Newton, MA, March 20, 2019 --(PR.com
)-- A recent study by Sequel Residential of the residential real estate market for Newton and Brookline, MA reveals selling prices remained stable despite a sharp decline in the volume of home and condo sales over the past 3 months versus the same period last year, amidst substantial recent increases in listing inventory.
Average Selling Prices Remained Stable
Selling prices averaged $1.213M for the 2018 period versus $1.222M for the 2019 period (up 0.7%).
Sales Volume Dropped Substantially
Sales declined from 233 units and $282.6 million for the three months ended March 14, 2018 to 194 units and $237.2 million for the same period ended March 14, 2019 (down 16.7% and 16.1%, respectively).
Listing Inventory Increased Significantly
During the same period, the number and aggregate value of home and condo listings, commonly referred to as “listing inventory,” increased from 339 units and $514.0 million to 407 units and $606.6 million (up 20.0% and 17.9%, respectively).
Buyers or Sellers Market?
According to Jonathan Slater, President of Sequel Residential, we’re in a “slightly favorable” buyers market, pointing to an increase in the percentage of listings that underwent price reductions (7.1% to 11.8%) and an increase in days to offer (42 to 50). Still, the ratio of average selling prices to original listing prices barely moved, declining from 97% to 96% between the two periods, indicating prices have been holding strong.
“Some sellers misread the signals, especially the increase in inventory that has been occurring, and over-priced their original listings, leading to increased price reductions, but things are still moving,” Slater says. “In general, buyers who are waiting for prices to drop significantly are getting shut out. There are just too many ready, willing, and capable buyers out there,” he adds.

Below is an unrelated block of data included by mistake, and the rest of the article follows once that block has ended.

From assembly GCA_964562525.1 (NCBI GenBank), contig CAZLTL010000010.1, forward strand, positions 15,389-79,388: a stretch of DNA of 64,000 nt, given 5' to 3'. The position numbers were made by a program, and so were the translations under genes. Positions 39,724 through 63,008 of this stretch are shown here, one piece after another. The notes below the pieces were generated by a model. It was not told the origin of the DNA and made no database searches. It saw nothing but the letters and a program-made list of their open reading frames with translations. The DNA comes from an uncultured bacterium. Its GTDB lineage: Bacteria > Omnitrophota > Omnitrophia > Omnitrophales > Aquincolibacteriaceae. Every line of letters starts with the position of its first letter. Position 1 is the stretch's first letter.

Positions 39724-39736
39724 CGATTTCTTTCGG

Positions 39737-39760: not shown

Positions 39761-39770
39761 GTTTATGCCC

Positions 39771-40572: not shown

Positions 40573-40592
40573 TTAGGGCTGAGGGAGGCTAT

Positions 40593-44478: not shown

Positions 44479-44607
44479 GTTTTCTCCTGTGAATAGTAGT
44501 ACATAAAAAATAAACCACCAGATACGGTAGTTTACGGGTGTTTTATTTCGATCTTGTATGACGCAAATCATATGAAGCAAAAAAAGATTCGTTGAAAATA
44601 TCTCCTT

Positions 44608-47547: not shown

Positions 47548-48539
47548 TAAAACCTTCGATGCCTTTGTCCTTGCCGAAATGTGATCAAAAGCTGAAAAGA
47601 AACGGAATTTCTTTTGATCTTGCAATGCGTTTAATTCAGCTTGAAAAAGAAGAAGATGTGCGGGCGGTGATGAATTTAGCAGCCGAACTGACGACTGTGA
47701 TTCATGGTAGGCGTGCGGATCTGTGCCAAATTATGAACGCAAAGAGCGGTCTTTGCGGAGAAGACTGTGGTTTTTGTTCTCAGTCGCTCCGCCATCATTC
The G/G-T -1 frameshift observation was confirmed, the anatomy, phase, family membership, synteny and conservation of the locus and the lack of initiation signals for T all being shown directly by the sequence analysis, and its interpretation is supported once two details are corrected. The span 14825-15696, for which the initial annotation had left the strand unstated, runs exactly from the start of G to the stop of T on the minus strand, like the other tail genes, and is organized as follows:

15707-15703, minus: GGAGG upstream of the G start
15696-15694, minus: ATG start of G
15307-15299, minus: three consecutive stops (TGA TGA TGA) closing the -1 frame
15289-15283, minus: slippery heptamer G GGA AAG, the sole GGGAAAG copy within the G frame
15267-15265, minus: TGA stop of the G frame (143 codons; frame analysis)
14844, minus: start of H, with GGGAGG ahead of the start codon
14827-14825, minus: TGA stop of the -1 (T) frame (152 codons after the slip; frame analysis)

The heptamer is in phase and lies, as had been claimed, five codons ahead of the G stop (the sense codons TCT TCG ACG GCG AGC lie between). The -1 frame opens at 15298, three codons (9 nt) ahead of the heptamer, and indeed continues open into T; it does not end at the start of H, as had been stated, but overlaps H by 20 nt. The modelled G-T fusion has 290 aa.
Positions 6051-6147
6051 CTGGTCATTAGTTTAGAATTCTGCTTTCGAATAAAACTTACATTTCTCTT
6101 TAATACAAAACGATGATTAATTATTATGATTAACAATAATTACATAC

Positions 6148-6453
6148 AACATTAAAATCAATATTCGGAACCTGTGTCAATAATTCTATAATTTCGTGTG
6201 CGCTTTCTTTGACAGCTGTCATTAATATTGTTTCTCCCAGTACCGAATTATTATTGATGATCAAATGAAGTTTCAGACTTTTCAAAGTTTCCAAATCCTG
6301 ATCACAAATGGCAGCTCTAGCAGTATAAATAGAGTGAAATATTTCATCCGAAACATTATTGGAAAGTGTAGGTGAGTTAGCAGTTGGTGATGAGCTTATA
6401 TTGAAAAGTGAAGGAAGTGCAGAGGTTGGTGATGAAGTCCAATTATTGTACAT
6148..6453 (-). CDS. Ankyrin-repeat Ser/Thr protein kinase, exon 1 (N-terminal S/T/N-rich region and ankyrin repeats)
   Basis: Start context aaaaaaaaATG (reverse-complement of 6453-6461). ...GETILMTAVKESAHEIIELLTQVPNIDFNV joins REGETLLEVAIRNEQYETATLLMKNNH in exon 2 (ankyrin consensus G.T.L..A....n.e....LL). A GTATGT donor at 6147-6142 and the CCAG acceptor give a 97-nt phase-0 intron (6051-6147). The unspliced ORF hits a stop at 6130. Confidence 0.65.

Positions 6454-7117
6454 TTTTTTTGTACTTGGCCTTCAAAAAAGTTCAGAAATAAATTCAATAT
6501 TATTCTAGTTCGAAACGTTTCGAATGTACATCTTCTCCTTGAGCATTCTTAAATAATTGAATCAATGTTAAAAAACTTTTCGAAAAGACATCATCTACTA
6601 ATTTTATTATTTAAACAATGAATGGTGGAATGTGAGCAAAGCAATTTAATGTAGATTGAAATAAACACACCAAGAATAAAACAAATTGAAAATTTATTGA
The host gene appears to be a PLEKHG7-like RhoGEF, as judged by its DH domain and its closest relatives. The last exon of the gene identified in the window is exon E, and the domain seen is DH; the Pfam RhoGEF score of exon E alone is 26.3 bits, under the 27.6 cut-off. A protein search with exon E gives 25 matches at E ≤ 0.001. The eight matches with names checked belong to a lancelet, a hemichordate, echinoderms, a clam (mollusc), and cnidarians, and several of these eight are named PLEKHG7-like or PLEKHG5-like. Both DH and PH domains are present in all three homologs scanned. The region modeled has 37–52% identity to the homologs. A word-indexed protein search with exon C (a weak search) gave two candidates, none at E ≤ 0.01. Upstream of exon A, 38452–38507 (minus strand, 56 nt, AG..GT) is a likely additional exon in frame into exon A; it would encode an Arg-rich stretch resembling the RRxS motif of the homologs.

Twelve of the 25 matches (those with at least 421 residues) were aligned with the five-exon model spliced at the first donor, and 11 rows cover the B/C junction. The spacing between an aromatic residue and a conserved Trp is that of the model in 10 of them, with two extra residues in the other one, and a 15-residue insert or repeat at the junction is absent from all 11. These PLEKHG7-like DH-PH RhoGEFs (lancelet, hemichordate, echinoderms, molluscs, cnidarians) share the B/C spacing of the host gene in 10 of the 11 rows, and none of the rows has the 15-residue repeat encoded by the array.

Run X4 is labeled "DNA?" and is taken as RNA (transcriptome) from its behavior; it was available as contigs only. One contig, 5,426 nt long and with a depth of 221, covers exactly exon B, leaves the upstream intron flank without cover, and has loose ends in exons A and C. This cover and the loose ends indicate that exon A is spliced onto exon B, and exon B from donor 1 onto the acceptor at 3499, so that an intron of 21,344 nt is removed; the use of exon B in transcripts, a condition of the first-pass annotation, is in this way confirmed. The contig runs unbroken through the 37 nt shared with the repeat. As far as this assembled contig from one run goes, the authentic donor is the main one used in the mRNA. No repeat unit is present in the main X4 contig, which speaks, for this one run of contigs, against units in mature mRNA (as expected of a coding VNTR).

Stable Home Prices with Lower Sales and Increased Inventory
According to Slater, the answer to this unusual set of circumstances lies in mortgage interest rate trends during the respective periods combined with the continued healthy economy.
Last year, mortgages were rising rapidly during this period, from just under 4% in mid-December 2017 to upwards of 4.5% by mid-March 2018. “I don’t think there’s any doubt that this approximately 50 basis point (0.5%) spike in rates caused buyer anxiety and created pressure to transact while rates were still 'affordable.' Conversely, over the past three months, mortgage rates have declined by approximately 30 basis points (0.3%), closing at the historically attractive level of 4.33% this past Friday,” Slater notes.
“Last year during this period, buyers felt a greater sense of urgency. This year, buyers are more relaxed about timing,” Slater explains. “But there still are lots of active buyers in the market and overall affordability is very high, due to low and decreasing interest rates and the continued strong economy. The result is stability, which is generally good news,” Slater concludes.
Advice for Buyers and Sellers
Slater advises both buyers and sellers to engage in the process. "For buyers, the strategy of trying to wait things out clearly hasn't been working, and interest rates are predicted to go back up... so, home ownership is likely to get more expensive," he says. For sellers, Slater advises that there's too much uncertainty to wait any longer than necessary. "We have a reasonable market right now. I can't predict the future," he adds.
For those who are curious about the data for the City of Boston, Slater observes that the numbers look similar: volume is down, inventory is up, and selling prices are slightly higher (1.5%).
Jonathan S. Slater
President, Sequel Residential